Review Summary: You had better see a doctor about that.
<a href="http://imagecache2.allposters.com/images/pic/PTGPOD/323861~Bull-s-Skull-Lying-in-the-Desert-Posters.jpg">click here</a>
The link above provides a glimpse into what Pissing Razors symbolizes; sterile deserts, desert ox skulls, and a tough-as-nails image. They also represent their homestate of Texas if the title of this offering Where We Come From
and the cover of the album (a man strapped to an electric chair with a Texas State Flag wrapped around his head) hasn’t indicated this already. I’ve never been to Texas and I’m sure it’s a wonderful state that is not full of cliches like the ones Pissing Razor’s bring to the table (capital punishment, drinking, hunting, George Bush…….just kidding). Like the picture provided above, Pissing Razors metal attack represents the skull in the middle of the desert; flesh removed from the bone, dryed out of ideas and leaves you feeling a little crusty after a listen or two.
Where We Come From
is like pouring Southern Comfort on an open wound; a stupid idea and a waste of money. Coming off a relatively solid album Fields of Disbelief
, Where We Come From
takes the Pantera-ish riffs (minus the killer solos from Dimebag) and strips them down to a flat tone that feels absoluetly monotonous throughout the album. The riffs groove, but not in any direction a frequent listener of metal hasn’t heard before. The few solos to be found on here (‘Cursed’, ‘Opportunidad’, and ‘Born to Serve’) are either buzz effects during a bridge or a full on solo-attempt at making Dimebag proud. Complimenting the groove and choppy guitar riffs is a rhythm section that also falls flat on its face from an overuse of the same double bass driving beats and a typical inaudible bass guitar sound that plagues most metal albums of this kind. To make matters worse, vocalist Jason Bragg comes off as Phil Anselmo copy-cat. Even his attempt at crusty singing shouldn’t be left unnoticed because it should be noted that he just can’t pull it off.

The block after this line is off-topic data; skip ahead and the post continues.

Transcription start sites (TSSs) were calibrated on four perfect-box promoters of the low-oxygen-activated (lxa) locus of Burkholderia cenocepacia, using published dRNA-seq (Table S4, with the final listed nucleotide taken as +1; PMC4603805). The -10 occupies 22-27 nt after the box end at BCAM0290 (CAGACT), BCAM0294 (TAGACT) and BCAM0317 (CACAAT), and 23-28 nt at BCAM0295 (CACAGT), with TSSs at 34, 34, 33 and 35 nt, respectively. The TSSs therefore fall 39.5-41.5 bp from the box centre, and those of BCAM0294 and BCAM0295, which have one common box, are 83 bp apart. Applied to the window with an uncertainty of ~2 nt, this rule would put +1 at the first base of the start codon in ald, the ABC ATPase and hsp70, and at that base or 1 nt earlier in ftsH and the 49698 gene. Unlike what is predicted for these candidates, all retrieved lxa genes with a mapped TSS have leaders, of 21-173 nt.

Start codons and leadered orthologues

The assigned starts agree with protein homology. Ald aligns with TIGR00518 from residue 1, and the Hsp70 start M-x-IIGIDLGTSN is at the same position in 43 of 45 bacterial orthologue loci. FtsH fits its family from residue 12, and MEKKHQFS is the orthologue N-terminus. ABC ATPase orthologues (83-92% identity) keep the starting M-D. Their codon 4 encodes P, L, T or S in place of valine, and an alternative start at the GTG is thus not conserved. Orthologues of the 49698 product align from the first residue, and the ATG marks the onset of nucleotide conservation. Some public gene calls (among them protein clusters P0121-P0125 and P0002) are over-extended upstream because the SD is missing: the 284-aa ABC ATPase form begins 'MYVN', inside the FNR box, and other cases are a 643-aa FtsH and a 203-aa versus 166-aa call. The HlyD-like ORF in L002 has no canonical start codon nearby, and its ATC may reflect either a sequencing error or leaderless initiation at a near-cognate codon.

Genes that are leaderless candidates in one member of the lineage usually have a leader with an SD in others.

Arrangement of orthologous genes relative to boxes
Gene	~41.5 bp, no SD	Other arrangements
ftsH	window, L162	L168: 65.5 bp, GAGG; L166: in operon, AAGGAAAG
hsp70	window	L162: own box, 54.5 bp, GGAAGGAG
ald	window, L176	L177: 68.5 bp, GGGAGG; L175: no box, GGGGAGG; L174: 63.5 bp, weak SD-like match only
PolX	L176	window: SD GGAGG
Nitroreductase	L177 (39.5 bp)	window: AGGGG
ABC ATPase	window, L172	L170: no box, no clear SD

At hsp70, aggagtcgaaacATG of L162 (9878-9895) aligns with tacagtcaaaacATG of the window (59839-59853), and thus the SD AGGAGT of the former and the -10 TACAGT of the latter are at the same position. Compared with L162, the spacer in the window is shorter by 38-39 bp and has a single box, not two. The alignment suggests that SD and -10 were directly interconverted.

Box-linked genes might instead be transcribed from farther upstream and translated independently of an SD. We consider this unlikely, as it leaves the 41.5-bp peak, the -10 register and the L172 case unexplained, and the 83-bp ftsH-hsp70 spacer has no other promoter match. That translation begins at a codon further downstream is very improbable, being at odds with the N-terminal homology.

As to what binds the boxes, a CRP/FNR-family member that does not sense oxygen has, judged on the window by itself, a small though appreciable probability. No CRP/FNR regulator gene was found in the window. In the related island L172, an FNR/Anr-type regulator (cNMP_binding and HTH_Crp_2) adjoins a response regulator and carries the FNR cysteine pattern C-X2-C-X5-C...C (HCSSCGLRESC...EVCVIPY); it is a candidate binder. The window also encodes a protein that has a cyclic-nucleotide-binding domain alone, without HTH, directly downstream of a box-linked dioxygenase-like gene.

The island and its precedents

Fortunately, the best part about this album is the time length. Coming in at only 36 minutes, you know you haven’t wasted that much of your life on this. Anyone thinking they should give these guys a spin should realize that there are metal bands out there that sound exactly like this and do this style with far more class (Pantera and Sepultura anyone"). Plagiarism is also an even bigger crime in this case; taking the hooky guitar riffs of Dimebag and simply stripping them clean of anything worthwhile. Recommended for hicks only who believe that Texas is represented by this album!